InfoUSA shareholder lawsuit upheld, with some exceptions

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A Delaware judge would not dismiss three counts of a shareholder lawsuit alleging in part that Vinod Gupta, founder and CEO of Omaha, NE-based data company infoUSA Inc., had spent millions of dollars of corporate funds on personal expenses.

The judge, Chancellor William Chandler III, produced a 79-page opinion that was handed down August 13, dismissing some shareholder charges and keeping others. The suit was filed by activist hedge funds Dolphin Limited Partnership and Dolphin Financial Partners, which together own 2 million shares, or 3.6 percent of infoUSA.

Calls to Gupta's office were not returned, neither were calls to infoUSA chief financial officer Stormy Dean. Chandler's clerk was not willing to comment regarding the judge's opinion and Chandler was not immediately available for comment.

Amid this attention, the database giant hired Sloane & Co., a New York-based financial public relations firm, to provide strategic and crisis communications support to "manage a series of communications challenges," according to the press release.

Sloane is also providing marketing, transactional and investor relations support.

Elliot Sloane, CEO of Sloane & Co., would not comment beyond statements made in the press release regarding the communications tasks infoUSA has charged his firm to handle.

"InfoUSA is conducting business as usual, regardless of all this misleading press coverage," Sloane said.

"Its second quarter financial results are evidence of that," he added.

In the second quarter of 2007, infoUSA delivered record revenues of $160.1 million, up 60 percent from the same time the year earlier.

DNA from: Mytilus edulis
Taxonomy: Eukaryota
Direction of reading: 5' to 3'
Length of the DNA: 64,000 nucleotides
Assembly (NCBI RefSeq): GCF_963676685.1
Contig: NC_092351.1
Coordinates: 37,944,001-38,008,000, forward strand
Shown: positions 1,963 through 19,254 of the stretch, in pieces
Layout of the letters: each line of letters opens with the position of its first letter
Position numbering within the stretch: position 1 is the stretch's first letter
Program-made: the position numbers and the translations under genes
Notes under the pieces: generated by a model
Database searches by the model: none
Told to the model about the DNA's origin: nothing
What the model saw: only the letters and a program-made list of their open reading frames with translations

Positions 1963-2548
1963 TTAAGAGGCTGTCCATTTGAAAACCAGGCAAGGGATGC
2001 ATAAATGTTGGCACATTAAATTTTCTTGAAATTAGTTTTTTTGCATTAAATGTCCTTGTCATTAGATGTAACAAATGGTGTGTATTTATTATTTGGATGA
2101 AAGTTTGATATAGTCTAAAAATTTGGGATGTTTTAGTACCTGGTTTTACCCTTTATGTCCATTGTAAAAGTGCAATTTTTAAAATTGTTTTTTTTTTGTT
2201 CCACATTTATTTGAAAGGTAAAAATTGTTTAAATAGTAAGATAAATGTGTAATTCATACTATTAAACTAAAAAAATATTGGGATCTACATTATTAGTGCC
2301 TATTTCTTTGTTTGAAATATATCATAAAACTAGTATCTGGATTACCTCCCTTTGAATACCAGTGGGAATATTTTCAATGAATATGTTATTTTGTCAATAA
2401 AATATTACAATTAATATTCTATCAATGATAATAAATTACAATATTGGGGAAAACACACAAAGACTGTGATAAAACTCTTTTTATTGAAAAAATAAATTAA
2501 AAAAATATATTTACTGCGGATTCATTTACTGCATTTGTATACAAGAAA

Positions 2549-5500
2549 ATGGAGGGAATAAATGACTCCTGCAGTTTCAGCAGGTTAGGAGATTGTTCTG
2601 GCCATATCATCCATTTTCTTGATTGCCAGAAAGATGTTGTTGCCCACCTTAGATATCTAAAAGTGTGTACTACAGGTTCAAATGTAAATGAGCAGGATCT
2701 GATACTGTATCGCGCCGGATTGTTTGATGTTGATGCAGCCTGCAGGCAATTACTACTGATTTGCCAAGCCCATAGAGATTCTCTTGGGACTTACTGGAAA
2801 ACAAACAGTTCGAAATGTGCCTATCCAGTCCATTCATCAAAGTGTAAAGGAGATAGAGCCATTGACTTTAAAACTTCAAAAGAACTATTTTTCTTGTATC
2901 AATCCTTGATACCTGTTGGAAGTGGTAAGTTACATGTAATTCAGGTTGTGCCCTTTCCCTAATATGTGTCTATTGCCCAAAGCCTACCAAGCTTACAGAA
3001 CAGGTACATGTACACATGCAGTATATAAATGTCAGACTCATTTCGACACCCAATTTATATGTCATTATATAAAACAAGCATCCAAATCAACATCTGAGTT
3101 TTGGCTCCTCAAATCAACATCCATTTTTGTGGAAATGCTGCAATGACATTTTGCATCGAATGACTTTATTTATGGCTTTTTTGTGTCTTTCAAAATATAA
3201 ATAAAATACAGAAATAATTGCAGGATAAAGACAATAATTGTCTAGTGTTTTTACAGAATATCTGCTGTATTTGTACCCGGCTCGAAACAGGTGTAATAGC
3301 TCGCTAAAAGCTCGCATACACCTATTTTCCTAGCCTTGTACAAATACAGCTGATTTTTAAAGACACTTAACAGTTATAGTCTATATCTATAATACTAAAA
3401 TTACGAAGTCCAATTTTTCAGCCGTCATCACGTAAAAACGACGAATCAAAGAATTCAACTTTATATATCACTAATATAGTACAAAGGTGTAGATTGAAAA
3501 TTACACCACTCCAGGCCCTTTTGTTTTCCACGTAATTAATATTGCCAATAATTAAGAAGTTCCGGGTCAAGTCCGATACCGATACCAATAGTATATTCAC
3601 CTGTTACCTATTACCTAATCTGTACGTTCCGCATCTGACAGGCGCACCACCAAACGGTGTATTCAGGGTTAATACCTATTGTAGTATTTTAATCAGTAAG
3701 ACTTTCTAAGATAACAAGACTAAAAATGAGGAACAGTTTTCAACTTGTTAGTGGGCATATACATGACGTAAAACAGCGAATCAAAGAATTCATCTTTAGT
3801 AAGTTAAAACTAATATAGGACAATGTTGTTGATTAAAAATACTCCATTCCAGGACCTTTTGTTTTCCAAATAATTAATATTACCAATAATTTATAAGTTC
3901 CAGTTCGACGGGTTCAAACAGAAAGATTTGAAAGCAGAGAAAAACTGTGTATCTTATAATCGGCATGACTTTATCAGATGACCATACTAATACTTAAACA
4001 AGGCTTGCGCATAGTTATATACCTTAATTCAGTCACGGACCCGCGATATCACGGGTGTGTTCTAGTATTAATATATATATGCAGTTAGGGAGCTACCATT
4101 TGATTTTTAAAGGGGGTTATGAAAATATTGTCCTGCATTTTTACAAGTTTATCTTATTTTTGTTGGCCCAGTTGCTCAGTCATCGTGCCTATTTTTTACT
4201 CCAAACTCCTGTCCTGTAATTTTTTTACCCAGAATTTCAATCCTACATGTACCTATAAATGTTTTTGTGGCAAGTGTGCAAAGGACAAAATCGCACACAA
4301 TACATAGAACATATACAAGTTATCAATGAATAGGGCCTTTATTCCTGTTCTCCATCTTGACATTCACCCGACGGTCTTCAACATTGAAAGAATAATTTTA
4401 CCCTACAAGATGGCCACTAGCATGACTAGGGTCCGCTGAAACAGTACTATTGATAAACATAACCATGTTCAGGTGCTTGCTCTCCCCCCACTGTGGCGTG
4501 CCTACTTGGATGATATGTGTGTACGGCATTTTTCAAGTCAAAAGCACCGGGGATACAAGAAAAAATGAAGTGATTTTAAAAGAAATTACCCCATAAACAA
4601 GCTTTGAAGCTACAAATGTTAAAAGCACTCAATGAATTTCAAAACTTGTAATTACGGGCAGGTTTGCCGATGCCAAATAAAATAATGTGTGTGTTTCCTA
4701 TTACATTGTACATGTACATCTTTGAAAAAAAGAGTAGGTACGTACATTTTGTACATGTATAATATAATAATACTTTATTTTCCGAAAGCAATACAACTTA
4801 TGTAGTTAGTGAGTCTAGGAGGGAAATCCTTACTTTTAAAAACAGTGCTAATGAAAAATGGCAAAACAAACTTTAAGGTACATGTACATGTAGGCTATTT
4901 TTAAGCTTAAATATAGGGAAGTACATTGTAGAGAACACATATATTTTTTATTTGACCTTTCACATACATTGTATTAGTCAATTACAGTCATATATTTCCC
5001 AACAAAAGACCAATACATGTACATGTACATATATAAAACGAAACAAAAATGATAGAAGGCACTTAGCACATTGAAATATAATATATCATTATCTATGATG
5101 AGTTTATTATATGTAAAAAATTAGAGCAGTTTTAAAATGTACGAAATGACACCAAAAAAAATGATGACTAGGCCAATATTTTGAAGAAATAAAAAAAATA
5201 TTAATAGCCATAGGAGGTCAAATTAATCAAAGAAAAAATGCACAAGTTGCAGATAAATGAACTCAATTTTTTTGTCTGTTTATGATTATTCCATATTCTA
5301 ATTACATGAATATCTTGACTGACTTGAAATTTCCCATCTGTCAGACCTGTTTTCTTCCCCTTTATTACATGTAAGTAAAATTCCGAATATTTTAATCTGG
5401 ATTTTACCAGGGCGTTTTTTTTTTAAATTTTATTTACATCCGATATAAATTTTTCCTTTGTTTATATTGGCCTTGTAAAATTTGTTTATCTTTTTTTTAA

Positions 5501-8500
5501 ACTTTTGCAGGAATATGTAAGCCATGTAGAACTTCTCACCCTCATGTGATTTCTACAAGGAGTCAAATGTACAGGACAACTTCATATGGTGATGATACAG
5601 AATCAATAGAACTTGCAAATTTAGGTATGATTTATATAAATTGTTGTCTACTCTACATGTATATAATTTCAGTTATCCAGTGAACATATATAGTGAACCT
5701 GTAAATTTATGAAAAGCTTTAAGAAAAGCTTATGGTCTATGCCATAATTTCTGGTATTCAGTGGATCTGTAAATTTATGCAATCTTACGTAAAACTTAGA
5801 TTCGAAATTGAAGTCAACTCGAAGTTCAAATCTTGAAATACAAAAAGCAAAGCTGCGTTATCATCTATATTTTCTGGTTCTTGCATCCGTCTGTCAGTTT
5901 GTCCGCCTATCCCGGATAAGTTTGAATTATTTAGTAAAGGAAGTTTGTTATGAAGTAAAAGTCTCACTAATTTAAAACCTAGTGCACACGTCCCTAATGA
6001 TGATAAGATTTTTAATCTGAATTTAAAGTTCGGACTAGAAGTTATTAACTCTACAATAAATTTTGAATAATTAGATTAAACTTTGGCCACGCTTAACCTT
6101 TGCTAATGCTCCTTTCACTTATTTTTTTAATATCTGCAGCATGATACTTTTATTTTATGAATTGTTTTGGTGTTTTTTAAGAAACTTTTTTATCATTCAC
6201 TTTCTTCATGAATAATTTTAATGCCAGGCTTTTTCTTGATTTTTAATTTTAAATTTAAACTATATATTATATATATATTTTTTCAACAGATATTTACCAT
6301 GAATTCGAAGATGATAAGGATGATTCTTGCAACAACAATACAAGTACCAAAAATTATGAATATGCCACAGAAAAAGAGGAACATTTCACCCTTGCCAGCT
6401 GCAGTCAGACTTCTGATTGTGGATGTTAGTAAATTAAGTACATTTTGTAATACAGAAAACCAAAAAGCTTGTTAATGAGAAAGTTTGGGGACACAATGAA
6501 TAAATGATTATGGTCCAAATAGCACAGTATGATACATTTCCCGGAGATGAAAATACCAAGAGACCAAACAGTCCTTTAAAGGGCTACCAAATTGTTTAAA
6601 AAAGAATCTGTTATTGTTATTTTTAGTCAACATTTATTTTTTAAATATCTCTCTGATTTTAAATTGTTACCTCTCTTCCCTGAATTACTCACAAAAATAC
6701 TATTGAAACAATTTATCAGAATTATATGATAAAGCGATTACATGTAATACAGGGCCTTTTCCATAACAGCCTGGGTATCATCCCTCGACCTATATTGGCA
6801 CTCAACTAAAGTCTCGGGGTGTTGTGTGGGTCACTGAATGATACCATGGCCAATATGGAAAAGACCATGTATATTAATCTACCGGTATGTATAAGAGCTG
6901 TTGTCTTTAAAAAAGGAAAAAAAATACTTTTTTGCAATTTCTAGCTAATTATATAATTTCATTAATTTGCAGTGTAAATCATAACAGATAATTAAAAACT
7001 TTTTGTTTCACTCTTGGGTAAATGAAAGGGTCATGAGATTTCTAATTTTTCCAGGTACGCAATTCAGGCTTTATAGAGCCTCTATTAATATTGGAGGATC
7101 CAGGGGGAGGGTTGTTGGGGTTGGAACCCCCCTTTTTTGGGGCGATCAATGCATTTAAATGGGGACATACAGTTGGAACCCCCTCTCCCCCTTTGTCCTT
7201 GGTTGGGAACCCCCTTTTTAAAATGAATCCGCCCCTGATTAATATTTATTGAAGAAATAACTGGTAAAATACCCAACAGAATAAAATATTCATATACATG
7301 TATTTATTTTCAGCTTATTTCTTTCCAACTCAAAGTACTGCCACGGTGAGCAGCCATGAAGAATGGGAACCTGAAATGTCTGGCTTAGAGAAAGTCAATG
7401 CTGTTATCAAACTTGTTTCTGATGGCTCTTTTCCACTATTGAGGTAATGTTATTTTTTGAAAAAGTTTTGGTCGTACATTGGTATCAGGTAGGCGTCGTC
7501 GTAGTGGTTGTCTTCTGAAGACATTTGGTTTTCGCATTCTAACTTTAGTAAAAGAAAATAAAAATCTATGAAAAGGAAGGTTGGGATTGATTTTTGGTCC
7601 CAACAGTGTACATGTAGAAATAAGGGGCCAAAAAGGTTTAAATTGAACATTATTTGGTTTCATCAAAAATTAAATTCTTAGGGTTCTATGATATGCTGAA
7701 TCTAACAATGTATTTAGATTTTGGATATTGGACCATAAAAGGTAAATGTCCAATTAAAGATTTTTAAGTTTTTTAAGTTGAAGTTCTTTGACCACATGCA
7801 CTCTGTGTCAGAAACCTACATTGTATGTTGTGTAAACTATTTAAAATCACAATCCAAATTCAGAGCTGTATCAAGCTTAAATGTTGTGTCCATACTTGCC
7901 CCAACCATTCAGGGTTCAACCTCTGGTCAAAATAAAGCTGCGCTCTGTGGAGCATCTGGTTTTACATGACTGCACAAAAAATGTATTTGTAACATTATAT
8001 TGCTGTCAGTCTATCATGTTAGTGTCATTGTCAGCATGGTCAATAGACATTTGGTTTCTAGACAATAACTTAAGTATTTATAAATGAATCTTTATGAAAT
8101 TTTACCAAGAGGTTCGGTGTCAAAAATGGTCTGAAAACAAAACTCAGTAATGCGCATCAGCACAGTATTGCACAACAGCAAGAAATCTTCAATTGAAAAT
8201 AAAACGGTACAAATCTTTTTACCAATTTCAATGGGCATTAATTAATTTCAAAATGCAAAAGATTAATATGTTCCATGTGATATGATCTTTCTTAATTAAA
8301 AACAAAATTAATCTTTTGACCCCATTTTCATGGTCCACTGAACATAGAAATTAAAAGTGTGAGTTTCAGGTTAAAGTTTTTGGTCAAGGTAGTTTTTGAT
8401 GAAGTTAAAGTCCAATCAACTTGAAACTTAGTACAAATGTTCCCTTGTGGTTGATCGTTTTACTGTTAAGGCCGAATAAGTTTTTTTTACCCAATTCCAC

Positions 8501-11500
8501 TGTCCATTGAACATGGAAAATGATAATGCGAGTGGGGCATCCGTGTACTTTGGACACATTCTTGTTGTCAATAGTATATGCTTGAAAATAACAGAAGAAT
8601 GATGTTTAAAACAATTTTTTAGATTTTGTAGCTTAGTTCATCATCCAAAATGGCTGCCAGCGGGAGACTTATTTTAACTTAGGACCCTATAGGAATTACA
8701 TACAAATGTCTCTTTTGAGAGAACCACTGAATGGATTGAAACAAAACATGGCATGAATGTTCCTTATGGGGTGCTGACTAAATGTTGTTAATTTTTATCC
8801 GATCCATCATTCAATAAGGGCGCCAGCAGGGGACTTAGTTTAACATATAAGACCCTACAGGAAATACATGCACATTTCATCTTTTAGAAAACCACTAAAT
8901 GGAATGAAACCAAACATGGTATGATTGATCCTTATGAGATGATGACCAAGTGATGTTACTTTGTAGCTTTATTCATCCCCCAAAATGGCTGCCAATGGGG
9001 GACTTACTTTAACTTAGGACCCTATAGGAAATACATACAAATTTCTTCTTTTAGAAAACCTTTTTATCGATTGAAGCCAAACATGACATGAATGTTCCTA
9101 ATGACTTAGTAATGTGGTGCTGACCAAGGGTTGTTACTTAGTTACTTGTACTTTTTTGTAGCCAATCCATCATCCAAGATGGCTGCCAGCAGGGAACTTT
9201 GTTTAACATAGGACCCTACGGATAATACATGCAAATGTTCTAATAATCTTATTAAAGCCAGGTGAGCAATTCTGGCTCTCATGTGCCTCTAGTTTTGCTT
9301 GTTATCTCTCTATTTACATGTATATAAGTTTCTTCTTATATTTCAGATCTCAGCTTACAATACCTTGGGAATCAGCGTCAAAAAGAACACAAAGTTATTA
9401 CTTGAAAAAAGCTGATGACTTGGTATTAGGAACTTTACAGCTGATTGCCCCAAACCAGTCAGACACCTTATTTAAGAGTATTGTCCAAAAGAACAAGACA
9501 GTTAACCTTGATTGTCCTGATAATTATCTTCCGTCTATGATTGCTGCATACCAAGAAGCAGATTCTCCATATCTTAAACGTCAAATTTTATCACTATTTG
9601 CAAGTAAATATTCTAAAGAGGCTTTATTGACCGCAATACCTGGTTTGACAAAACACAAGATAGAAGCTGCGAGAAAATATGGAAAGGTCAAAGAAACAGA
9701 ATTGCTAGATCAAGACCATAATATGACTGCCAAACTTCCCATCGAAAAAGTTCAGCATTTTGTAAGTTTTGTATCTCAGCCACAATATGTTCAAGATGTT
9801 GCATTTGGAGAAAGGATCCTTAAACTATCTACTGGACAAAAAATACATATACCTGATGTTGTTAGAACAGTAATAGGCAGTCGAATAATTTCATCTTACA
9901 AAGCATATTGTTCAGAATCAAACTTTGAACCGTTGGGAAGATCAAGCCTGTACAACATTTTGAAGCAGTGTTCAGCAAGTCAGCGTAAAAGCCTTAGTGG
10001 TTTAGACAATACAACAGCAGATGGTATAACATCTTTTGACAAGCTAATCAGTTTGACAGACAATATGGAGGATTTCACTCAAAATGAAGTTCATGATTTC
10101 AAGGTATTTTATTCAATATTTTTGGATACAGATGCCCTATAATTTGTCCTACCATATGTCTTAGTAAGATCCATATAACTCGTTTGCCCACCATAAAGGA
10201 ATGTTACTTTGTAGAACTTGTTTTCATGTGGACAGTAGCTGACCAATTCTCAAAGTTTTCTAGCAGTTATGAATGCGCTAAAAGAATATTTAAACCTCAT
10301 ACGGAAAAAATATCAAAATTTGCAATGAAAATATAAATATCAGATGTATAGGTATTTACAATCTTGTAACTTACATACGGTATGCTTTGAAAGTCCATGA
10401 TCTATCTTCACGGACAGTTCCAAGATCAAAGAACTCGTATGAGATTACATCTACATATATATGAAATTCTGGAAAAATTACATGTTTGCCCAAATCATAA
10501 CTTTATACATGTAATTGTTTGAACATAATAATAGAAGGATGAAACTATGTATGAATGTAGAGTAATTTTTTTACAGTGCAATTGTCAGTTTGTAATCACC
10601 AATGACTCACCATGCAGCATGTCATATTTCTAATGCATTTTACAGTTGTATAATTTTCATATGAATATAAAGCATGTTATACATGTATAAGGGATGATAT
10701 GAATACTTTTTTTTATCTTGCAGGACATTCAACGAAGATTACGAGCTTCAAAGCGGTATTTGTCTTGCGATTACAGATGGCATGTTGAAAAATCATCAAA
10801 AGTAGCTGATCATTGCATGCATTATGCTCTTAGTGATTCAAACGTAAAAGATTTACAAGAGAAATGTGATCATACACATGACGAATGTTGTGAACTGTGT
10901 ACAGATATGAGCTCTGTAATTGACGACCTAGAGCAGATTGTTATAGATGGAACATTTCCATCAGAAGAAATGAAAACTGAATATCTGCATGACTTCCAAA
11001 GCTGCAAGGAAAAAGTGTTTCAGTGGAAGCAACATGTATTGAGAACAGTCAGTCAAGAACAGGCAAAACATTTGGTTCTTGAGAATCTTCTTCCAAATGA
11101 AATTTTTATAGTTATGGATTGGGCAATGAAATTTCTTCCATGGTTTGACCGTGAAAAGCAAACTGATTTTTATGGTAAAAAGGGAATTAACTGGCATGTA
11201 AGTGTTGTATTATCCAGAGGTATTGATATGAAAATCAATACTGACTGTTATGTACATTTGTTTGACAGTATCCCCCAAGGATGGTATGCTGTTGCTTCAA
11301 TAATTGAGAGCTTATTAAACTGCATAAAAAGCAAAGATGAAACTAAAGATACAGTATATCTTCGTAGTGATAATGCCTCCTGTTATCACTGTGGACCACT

Sloane said he believes Gupta will be completely vindicated as the legal process continues to unfold.

As well as working on communications regarding the lawsuit, Sloane is also helping to clarify infoUSA's position on direct marketing industry best practices in the face of what the communications firm calls, "misleading press coverage."

In May, infoUSA was singled out in a New York Times article. The article specifically referred to the fact that in 2005, Iowa state regulators collected documents indicating that infoUSA sold lists containing the names of older Americans to telemarketing criminals.

At the time, infoUSA said the Times' assertions about the company were based on the files of a "now completed investigation of a suspected telemarketing criminal" by the Iowa attorney general.

Three years ago, infoUSA-owned Walter Karl provided documents at a meeting with Iowa's assistant attorney general. Iowa authorities determined infoUSA had done nothing wrong.

In Sloane's statement last week, he commented, "InfoUSA, led by founder Vin Gupta, has a compelling, up-by-the-bootstraps, entrepreneurial story, building from scratch a company that today provides essential marketing tools and services for millions of businesses.

"Yet infoUSA also operates in a complex and often misunderstood industry," the statement continued. "Our objective is to help infoUSA cut through the clutter and seize the right opportunities to tell its side of the story.

"We will focus on building a communications program that will let infoUSA highlight the many customer benefits of its products and services, as well as the leadership position it has long taken on the critical issues facing the direct marketing industry," the statement said.

Sloane, senior vice president John Hartz, and associate Doree Damoulakis lead the infoUSA account.

An Associated Press article last week stated that the upheld items of the shareholder lawsuit included allegations that in 2005, Gupta attempted to change the status of the company to privately owned, and that this was an attempt to pave the way for Gupta to purchase infoUSA at a later point in time.

The other charges upheld by the judge, according to the article were that Gupta inappropriately awarded 100,000 share options to former US president Bill Clinton without first getting approval from the board, and that the company paid for many of Gupta's personal expenses like jet travel, homes, a yacht, high-priced furniture and a collection of luxury automobiles.

Further lawsuit hearings are pending.

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